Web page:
It’s past time to end “don’t ask, don’t tell,” the unconscionable policy that forces gay troops to lie about their sexual identity in order to put their lives on the line for their country. Defense Secretary Robert Gates has asked that Congress end the policy during its lame duck session.
Now, the long-awaited survey of troops — commissioned, allegedly, to find out how rank-and-file soldiers, sailors and airmen would respond to the prospect of gays serving openly — is in. And, according to sources who have read it, it reveals that ending DADT wouldn’t affect the military’s ability to fight wars. From The WaPo:
A Pentagon study group has concluded that the military can lift the ban on gays serving openly in uniform with only minimal and isolated incidents of risk to the current war efforts, according to two people familiar with a draft of the report, which is due to President Obama on Dec. 1.
More than 70 percent of respondents to a survey sent to active-duty and reserve troops over the summer said the effect of repealing the “don’t ask, don’t tell” policy would be positive, mixed or nonexistent, said two sources familiar with the document. The survey results led the report’s authors to conclude that objections to openly gay colleagues would drop once troops were able to live and serve alongside them.
One source, who has read the report in full, summarized its findings in a series of conversations this week. The source declined to state his position on whether to lift the ban, insisting it did not matter. He said he felt compelled to share the information out of concern that groups opposed to ending the ban would mischaracterize the findings. The long, detailed and nuanced report will almost certainly be used by opponents and supporters of repeal legislation to bolster their positions in what is likely to be a heated and partisan congressional debate.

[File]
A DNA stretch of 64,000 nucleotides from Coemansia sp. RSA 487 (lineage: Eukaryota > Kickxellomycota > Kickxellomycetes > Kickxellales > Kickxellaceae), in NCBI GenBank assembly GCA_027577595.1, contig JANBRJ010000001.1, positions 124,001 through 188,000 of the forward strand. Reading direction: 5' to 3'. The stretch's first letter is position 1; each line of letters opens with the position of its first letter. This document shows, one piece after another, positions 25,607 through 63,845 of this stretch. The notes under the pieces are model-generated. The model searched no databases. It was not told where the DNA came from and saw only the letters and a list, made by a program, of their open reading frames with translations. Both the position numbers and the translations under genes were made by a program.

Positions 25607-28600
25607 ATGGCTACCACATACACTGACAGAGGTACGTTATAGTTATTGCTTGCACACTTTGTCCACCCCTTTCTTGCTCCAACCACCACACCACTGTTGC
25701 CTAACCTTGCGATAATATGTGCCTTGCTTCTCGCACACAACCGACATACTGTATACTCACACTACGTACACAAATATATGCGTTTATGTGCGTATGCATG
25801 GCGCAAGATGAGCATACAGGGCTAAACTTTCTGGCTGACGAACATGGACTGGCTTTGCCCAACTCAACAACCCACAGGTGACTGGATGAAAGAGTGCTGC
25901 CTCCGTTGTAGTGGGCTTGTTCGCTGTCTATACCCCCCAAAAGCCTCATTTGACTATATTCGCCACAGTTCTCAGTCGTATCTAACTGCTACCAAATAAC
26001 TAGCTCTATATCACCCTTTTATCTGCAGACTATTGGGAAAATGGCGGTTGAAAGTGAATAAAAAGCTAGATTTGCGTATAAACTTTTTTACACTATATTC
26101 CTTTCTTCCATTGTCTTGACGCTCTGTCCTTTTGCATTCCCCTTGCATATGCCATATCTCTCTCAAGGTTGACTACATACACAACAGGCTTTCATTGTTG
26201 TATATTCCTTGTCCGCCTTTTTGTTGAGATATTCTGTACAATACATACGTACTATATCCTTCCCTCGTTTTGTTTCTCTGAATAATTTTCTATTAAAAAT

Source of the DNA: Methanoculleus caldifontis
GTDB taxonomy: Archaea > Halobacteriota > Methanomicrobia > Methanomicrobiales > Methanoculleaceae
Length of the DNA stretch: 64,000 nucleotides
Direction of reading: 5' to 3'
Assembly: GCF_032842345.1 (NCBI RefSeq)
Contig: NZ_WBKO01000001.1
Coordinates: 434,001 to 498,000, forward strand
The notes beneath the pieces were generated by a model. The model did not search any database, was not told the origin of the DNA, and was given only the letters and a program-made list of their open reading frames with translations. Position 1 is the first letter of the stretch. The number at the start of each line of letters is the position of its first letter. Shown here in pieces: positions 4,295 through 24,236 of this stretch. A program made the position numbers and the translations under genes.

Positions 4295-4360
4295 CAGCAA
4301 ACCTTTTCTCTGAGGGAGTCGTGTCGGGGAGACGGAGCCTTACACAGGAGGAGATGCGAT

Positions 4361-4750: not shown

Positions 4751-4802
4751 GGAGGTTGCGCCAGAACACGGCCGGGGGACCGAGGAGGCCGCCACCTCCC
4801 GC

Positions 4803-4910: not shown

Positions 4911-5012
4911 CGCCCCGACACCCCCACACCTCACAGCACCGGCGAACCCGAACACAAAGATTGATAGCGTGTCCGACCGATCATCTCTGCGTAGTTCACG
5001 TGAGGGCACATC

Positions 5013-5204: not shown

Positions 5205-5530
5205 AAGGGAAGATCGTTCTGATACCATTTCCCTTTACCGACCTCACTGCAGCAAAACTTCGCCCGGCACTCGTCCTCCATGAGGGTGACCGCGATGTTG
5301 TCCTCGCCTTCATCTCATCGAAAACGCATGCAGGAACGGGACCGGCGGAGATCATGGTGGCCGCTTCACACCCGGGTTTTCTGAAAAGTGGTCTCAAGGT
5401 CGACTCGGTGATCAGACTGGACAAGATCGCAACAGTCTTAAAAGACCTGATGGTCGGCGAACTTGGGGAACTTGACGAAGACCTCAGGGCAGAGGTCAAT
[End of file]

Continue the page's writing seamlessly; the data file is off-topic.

The Marine Corps remains the service most adamantly opposed to ending DADT.
Among other questions, the survey asked if having an openly gay person in a unit would have an effect in an intense combat situation. Although a majority of respondents signaled no strong objections, a significant minority is opposed to serving alongside openly gay troops. About 40 percent of the Marine Corps is concerned about lifting the ban, according to one of the people familiar with the report.
Marines are no doubt taking a cue from their homophobic chief, Marine Corps Commandant James Amos, who has openly defied orders by publicly criticizing the effort to end DADT. If he cannot follow orders, he should be cashiered.
Republicans, following the retrograde instincts of their base, are prepared to fight to keep the policy. But it will end sooner rather than later.
When President Truman ordered that the military be integrated (during a raging war in Korea) there were dire predictions about military readiness. Now, black soldiers, sailors and airmen are among the most respected officers in the service. The same will be true of gay troops when DADT ends.